Treating patients with intermediate/high-risk myelofibrosis with the Janus kinase inhibitor ruxolitinib long-term demonstrated improved survival, pooled data from 2 randomized trials showed.
Srdan Verstovsek, MD, PhD
Treating patients with intermediate/high-risk myelofibrosis (MF) with the Janus kinase (JAK) inhibitor ruxolitinib (Jakafi) long-term demonstrated improved survival, pooled data from 2 randomized trials showed.
An intention-to-treat analysis yielded a 5-year survival of 57.5% with ruxolitinib treatment versus 48.5% for patients who received best available treatment (BAT) or placebo. The median overall survival (OS) was 5.3 years with ruxolitinib and 3.8 years with the control treatment.
After correction for crossover to ruxolitinib from the control groups, patients initially assigned to ruxolitinib lived more than twice as long as those assigned to control treatment, according to a presentation at the American Society of Hematology meeting in San Diego.
“Because most patients in the control group eventually crossed over to ruxolitinib, the primary difference between the two groups illustrated the immediate versus delayed treatment effect with ruxolitinib,” Srdan Verstovsek, MD, PhD, chief of myeloproliferative neoplasms at the University of Texas MD Anderson Cancer Center, and colleagues concluded. “These findings suggest that earlier treatment with ruxolitinib may improve the survival advantage for patients with myelofibrosis.”
Both the FDA and the European Medicines Agency approved ruxolitinib for the treatment of intermediate/high-risk MF, including patients with primary MF, post-polycythemia vera MF, and post-essential thrombocythemia MF. Principal support for the approvals came from 2 pivotal phase III trials (COMFORT-I and II). Both trials included patients with intermediate-2/high-risk MF. The results showed that treatment with ruxolitinib led to significant improvement in OS, associated with reductions in splenomegaly and MF-related symptoms and quality of life as compared with control therapy.
Long-term follow-up continued for both trials. Verstovsek and colleagues performed an exploratory analysis of pooled data for OS in the 2 COMFORT trials. COMFORT-I was placebo controlled, and the control arm of COMFORT-II was BAT. Patients were randomized 1:1 in COMFORT-I and 2:1 ruxolitinib versus control in COMFORT-II. The pooled analysis included 301 patients randomized to ruxolitinib and 227 assigned to the control groups.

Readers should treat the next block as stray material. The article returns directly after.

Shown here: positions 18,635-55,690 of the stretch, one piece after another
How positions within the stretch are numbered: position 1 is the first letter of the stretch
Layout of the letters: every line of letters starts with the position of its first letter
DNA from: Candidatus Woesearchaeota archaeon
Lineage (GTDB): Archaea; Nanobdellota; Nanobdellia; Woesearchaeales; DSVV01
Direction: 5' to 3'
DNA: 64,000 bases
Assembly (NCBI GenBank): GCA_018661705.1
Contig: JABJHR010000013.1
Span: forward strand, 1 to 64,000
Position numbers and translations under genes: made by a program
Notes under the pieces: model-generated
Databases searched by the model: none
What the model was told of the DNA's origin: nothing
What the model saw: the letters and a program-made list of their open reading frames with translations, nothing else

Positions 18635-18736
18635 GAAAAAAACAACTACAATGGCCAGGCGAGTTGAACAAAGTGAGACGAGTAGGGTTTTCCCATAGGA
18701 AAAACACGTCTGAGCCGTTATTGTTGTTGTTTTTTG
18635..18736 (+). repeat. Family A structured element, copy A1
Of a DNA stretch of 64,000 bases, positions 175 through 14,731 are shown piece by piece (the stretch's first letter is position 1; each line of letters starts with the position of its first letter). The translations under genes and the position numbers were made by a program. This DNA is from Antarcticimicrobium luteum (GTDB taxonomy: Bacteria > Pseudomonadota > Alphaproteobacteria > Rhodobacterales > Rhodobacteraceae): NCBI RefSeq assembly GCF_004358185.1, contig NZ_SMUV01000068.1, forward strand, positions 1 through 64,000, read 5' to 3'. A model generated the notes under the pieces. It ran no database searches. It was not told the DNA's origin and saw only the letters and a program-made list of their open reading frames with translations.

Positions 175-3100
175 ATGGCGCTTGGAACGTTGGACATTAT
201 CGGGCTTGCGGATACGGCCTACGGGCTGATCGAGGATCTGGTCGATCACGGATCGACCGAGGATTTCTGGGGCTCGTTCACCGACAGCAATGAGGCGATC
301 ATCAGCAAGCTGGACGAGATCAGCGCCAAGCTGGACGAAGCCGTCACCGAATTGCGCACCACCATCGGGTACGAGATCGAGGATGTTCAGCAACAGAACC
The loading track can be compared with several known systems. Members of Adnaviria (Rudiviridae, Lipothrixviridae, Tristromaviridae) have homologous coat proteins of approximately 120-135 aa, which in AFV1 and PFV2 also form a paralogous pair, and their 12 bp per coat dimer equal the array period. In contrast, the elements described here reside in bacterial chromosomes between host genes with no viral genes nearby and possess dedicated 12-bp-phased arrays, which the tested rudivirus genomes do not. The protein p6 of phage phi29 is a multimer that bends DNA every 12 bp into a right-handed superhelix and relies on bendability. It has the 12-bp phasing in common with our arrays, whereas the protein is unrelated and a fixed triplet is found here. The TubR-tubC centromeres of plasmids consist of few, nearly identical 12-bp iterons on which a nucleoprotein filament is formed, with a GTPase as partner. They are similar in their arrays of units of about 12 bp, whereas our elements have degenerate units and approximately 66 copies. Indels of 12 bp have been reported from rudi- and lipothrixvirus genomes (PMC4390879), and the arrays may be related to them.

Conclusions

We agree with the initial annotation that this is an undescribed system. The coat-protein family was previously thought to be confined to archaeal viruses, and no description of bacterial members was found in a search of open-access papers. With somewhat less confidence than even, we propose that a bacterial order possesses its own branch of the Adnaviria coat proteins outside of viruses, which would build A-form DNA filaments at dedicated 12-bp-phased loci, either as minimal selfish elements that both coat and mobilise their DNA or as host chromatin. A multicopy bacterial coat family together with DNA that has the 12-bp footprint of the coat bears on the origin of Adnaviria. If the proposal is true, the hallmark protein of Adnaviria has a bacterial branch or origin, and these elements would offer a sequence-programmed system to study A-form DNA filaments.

Patients in the control arms could cross over to ruxolitinib for prespecified worsening of splenomegaly, lack of effect on spleen length, or occurrence of protocol-defined events. Crossover was mandatory after unblinding in COMFORT-I. All patients still on randomized control treatment crossed over to ruxolitinib after 3 years of follow-up.
Median duration of ruxolitinib exposure was 2.5 to 3.0 years in the 2 trials, as compared with <1 year in the control groups. In COMFORT-I, 73.5% of patients in the control group crossed over to ruxolitinib, as did 61.6% of patients on the COMFORT-II control arm. Overall, 156 of 227 (69.6%) patients assigned to control crossed over.
The 1.5-year absolute difference in median OS demonstrated by the ITT analysis represented a 30% reduction in the hazard for death in favor of ruxolitinib (95% CI 0.54-0.91,P=0.0065).
After correction for crossover, the median OS was 5.3 years with ruxolitinib and 2.3 years with control treatment. The difference translated into a 65% reduction in the hazard for death (95% CI 0.23-0.59).
Further analysis showed that OS had yet to be reached for ruxolitinib-treated patients with intermediate-2 disease (versus 4.2 years for high-risk patients, HR 2.86,P< 0.0001). The estimated median OS for the intermediate-2 subgroup was 8.5 years. A subgroup of patients with intermediate-2 primary MF (n = 58) originally randomized to ruxolitinib also lived much longer as compared with high-risk patients (n = 89) assigned to ruxolitinib (HR 2.55,P= 0.0003).
The 5-year survival analysis showed that patients with intermediate-2 primary MF had not yet reached median OS (estimated median of 5.8 years), which compared favorably with a median OS of 4.0 years for a historical control group with intermediate-2 primary MF. Median OS for the ruxolitinib-treated patients with high-risk primary MF was 2.8 years, as compared with a median of 2.3 years for historical controls.
A subgroup analysis demonstrated a consistent survival benefit with ruxolitinib versus control therapy (HR 0.85 to HR 0.55). The analysis included patients ≤65 or >65, men, women, all 3 principal types of myeloproliferative neoplasms, spleen length ≤10 cm or >10 cm, presence or absence of anemia, baseline platelet count, and presence or absence of theJAK2V617F